Marc Howard Siegel – The Serve

Posted: June 11, 2015 in Travel and Tourism

Marc Howard Siegel is a successful business executive who is based in South Florida. He is a graduate of Stetson University, a private university in DeLand, Florida, where he earned a Bachelor’s degree in economics. He also played on the school’s NCAA Division I Men’s Tennis Team, and is a lifelong enthusiast for, and student of, the game.

He was recruited by tennis legend Nick Bollettieri to provide tennis coaching and instruction to Fortune 500 clients. “I conducted tennis clinics for IBM meeting attendees and executives under Nick Bollettieri around the world beginning in 1979,” he recalls. It was a heady time for the young tennis player, but there were even more exciting times ahead, as he went on to participate on an AMF HEAD Advisory Team led by the great Arthur Ashe, and receive corporate sponsorships from AMF HEAD, Head Sportswear, Diadora Shoes, Decente Clothing, Prince Racquets, Nike Shoes and Sportswear, Rossignol Racquets, and Dunlop Racquets, and others.

As Marc Howard Siegel knows, one of the most important aspects of any tennis player’s game is the serve. It is also one of the most complex. He knows from his years of coaching experience that the serve as many different elements to it, and it can be difficult to master it, even for some of the great players. It requires a solid understanding of the mechanics involved in the ideal serve, and many hours of practice to perfect the form.

Probably the single most important factor in the tennis serve is for the player to have a proper grip on the racquet. The ideal grip for the serve is the continental grip, where the knuckle of the index finger and the hand’s heel pad rest on bevel 2 of the racquet’s handle. This grip allows the player to pronate and generate the most power and topspin on the serve. Virtually every pro player uses the continental grip for his or her serve.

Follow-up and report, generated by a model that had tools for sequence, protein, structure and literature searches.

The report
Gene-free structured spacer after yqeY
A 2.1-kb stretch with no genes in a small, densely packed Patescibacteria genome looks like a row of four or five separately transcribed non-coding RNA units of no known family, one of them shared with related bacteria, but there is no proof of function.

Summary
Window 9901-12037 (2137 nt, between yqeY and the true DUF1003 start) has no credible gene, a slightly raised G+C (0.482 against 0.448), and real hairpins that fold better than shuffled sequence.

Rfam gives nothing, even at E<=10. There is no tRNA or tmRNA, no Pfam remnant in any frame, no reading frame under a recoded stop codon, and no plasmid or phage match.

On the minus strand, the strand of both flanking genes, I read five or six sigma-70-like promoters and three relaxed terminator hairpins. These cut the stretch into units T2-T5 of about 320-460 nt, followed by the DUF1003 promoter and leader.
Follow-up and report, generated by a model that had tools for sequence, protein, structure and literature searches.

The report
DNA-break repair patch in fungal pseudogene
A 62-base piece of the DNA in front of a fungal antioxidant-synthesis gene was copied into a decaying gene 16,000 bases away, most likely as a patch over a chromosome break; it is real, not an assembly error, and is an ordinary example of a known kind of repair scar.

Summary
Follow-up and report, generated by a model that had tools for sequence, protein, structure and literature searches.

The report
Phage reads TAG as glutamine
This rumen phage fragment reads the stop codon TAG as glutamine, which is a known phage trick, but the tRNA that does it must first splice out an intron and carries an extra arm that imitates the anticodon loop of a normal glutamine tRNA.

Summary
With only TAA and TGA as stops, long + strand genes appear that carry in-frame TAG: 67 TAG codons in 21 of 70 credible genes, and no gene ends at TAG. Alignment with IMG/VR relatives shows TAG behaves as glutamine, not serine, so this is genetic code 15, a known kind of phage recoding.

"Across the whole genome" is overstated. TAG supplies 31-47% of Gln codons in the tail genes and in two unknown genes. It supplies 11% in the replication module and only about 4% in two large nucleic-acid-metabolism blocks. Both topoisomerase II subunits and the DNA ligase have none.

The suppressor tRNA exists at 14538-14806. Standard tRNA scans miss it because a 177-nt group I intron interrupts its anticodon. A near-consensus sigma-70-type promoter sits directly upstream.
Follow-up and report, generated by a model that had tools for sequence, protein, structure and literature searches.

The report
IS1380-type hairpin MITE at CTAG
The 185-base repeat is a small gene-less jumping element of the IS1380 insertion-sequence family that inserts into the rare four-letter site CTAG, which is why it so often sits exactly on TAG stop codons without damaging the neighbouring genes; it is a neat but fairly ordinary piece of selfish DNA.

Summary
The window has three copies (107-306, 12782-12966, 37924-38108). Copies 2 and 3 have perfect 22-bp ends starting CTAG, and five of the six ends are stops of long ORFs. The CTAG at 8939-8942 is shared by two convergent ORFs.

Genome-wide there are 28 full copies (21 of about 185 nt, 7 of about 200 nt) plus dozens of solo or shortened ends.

As Marc Howard Siegel has learned from experience, most recreational players don’t have the correct technique when they serve, and so this part of their game suffers. The correct technique will provide them with more power, topspin and accuracy in their serves. This is the element of the game that makes all the difference. All of the world’s top players have sound technique on their serves, which gives them much better results than those who do not.

The ideal serve is achieved through the kind of coaching that someone with the skills of Marc Howard Siegel can provide. After the coaching, though, it’s up to the player to put in the hours and hours of practice needed to get it right. A great serve practice is what some coaches call target practice, where traffic cones are placed in the service box and the player practices hitting them. This is a great way to practice accuracy and in time will give the player the ability to get their serve in the area of their strategic choice.

At the end of the day, Marc Howard Siegel knows that the ideal tennis serve is one that is sound in its biomechanics, and is delivered naturally and fluidly by a player who has put in the hours necessary to perfect this most critical part of the game.


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